Figure 9. Petri Net equivalent of initial Decision Table

Figure 10. Petri Net Petri net of the decision-making process

Figure 10 summarizes the decision process in a graphical way.

5. Conclusions 

In this paper we show how to incorporate new rules into Adaptive Coloured Petri Nets in a manufacturing environment and how to incorporate decision tables into Adaptive Coloured Petri Nets in a business environment. Good management practices are often overlooked in a company’s day-to-day business due to the unawareness of the consequences of certain decisions, which are not always apparent because the business expert does not share his knowledge with the plant manager. Sharing two knowledge’s that are generally isolated provides a synergy for the company. These incorporations of rules and tables were facilitated by the reconfigurable nature of the Adaptive Coloured Petri Nets. Reconfigurable networks can be understood as a particular case of adaptive networks, where adaptation is achieved through reconfiguration of the network. The adaptive network is more general than the reconfigurable network because it can change its behaviour by maintaining the same configuration by modifying the trigger rules of the transitions.

In an adaptive network, rules that handle failures can be incorporated into the standard network, allowing greater agility in the operation without the need to stop the process until fault experts take over. The recommendations of the experts would already be incorporated into the standard Petri net used in the monitoring of the operation [14][15].Reconfigurable systems during operation are a trend in the design of control systems and the ability to incorporate procedures from related areas is a feature that cannot be underestimated.


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Haroldo IssaoGuibu graduated in Electrical Engineering and MSc in Electrical Engineering in Polytechnic School of São Paulo (EPUSP) University,Brazil. Lecturer at Instituto Federal de Educação, Ciência e Tecnologia de São Paulo(IFSP) with main interest in Automation, PLC programming and Automation related adaptive technologies.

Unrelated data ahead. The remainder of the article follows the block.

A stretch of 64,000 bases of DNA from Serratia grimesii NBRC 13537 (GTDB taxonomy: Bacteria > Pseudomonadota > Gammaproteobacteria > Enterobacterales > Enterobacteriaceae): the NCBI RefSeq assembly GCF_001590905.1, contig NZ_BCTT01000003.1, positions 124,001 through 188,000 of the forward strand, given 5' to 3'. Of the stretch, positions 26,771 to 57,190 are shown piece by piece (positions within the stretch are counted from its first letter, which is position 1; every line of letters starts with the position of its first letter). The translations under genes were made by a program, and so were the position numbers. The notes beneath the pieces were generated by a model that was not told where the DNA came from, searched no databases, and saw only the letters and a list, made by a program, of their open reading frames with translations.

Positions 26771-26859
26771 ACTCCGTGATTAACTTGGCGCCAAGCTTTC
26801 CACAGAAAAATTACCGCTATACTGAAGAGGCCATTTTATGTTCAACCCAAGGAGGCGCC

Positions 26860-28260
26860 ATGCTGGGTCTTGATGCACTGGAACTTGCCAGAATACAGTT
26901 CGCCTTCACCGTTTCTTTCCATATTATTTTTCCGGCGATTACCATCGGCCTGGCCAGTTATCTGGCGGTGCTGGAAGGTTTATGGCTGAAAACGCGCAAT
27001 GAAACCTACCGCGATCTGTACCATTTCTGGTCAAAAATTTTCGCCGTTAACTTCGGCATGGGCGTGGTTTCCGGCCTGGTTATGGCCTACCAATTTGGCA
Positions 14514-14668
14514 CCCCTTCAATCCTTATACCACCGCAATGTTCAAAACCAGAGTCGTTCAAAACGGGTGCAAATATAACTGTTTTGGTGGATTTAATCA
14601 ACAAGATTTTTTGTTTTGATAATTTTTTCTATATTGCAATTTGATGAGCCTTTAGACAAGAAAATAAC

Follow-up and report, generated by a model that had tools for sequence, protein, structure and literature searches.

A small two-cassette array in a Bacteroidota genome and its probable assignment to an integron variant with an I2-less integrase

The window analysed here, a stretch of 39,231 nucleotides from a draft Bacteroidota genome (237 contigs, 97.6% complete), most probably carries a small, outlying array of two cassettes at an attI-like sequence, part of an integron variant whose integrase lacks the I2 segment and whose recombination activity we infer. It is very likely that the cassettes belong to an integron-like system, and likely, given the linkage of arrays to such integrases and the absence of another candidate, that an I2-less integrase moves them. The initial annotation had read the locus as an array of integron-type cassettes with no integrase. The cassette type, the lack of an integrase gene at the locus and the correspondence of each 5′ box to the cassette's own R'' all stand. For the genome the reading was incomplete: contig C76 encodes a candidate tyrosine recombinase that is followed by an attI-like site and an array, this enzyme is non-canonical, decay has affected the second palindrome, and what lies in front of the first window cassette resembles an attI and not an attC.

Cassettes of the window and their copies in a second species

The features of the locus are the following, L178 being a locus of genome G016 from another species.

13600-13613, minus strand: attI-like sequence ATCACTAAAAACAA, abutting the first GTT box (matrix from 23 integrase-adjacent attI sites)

João José Neto graduated in Electrical Engineering  (1971), MSc in  Electrical Engineering (1975) and doctor in Electrical Engineering (1980), and “livre docente” associate professor (1993) in the Polytechnic School of São Paulo (EPUSP) University,Brazil. Nowadays he is the head of LTA – Adaptive Technology Laboratory at the Department of Computer Engineering and Digital Systems at the  EPUSP. His main experience is in the Computer Science area, with emphasis on the foundation of computer engineering and adaptivity. His main activities include adaptive devices, adaptive technology, adaptive automata and their applications to computer engineering and other areas, especially in adaptive decision making systems, natural language processing, compiler construction, robotics, computer education, intelligent system modeling, computer learning, pattern matching, inference and other applications founded on adaptivity and adaptive devices.